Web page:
A new study performed by University College London suggests that most people would rather harm themselves than a stranger for profit.

We were interested in quantifying how much people care about others, relative to themselves.

The Experiment

We brought 80 pairs of volunteers in to the lab and led them to different rooms so they couldn’t see or talk to each other. They drew lots to determine which would be the “decider”, and which the “receiver”. The decider then made a series of decisions between different amounts of money and different amounts of moderately painful electric shocks. The decider always received the money, but sometimes the shocks were for the decider, and sometimes the shocks were for the receiver. By observing the deciders’ choices we were able to calculate how much money they were willing to sacrifice to prevent shocks to either themselves or to the receiver.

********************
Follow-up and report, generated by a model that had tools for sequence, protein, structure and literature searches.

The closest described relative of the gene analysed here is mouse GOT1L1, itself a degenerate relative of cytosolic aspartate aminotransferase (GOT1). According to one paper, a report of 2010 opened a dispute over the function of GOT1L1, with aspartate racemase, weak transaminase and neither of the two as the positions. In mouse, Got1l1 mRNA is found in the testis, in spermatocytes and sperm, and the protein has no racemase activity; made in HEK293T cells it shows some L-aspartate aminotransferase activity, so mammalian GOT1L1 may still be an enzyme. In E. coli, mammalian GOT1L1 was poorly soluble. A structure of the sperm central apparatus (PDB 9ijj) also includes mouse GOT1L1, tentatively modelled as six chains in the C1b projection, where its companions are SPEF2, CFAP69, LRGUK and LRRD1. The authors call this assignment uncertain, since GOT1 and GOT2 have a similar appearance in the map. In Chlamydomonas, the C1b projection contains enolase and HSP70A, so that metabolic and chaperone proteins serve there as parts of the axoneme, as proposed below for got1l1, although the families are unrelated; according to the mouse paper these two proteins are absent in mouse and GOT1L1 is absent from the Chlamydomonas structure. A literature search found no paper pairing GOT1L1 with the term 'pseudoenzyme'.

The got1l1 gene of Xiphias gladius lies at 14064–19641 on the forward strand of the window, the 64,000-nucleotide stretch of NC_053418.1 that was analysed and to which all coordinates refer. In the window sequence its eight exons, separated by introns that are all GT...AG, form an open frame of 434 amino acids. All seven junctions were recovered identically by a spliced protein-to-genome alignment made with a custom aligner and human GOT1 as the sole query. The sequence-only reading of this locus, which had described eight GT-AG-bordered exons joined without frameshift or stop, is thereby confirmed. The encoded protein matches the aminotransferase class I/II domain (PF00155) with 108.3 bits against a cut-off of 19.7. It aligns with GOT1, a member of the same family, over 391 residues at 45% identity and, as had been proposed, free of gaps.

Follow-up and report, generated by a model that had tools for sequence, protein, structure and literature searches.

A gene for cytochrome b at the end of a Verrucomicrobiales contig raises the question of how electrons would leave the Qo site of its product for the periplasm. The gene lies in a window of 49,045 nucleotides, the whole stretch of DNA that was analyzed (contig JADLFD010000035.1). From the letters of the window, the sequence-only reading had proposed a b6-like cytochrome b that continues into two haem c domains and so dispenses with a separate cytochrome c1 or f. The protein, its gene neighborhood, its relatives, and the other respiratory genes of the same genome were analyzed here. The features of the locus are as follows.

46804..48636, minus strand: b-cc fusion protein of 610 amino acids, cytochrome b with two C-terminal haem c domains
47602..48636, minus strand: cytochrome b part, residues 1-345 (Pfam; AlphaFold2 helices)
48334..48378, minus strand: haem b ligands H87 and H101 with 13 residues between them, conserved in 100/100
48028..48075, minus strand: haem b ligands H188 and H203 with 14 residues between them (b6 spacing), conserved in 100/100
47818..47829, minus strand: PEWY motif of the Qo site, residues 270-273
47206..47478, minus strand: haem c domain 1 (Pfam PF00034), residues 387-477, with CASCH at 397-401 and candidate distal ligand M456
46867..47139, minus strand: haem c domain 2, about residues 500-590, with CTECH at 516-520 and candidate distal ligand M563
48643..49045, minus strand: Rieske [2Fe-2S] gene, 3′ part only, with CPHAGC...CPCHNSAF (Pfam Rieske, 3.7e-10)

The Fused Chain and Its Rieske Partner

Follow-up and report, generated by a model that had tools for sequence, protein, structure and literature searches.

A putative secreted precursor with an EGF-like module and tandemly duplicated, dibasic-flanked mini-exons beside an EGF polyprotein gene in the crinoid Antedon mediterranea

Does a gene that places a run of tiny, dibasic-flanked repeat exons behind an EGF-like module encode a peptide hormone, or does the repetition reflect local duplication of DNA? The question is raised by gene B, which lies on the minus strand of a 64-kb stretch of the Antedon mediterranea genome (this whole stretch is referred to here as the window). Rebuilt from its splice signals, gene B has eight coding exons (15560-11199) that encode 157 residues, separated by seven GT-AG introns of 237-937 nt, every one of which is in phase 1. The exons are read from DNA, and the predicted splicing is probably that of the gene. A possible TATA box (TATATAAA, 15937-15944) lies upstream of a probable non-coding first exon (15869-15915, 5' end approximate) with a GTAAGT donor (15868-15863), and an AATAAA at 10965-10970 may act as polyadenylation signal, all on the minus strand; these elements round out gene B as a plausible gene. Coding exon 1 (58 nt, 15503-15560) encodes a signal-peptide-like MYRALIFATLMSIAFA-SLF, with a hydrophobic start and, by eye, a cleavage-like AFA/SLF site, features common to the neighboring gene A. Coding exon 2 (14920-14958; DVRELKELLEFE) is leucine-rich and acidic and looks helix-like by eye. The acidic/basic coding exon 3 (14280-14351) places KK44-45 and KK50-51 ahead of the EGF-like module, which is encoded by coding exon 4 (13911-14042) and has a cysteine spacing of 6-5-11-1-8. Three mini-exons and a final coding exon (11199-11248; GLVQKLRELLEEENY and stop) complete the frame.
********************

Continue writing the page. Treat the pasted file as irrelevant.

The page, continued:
The Results

We found that on average, people were willing to sacrifice about twice as much money to prevent another person from being shocked, than to prevent themselves from being shocked. So for example, they would give up £8 to prevent 20 shocks to another person but would only give up £4 to prevent 20 shocks to themselves.


From spiritual point of view we find a lot of examples in everyday life when people are doing something not for themselves but to another human being. When we say ‘I am' we have two important parts the so called ‘Ego' and the ‘Inner Self' (Related Ego and Inner Self). In day life our Ego drives our wishes, but if we find some harmony between our two selves the Inner Self could come in the front, and the behaviour like altruism appears. It is because our Inner Self is not really self centric. In a way we are all connected.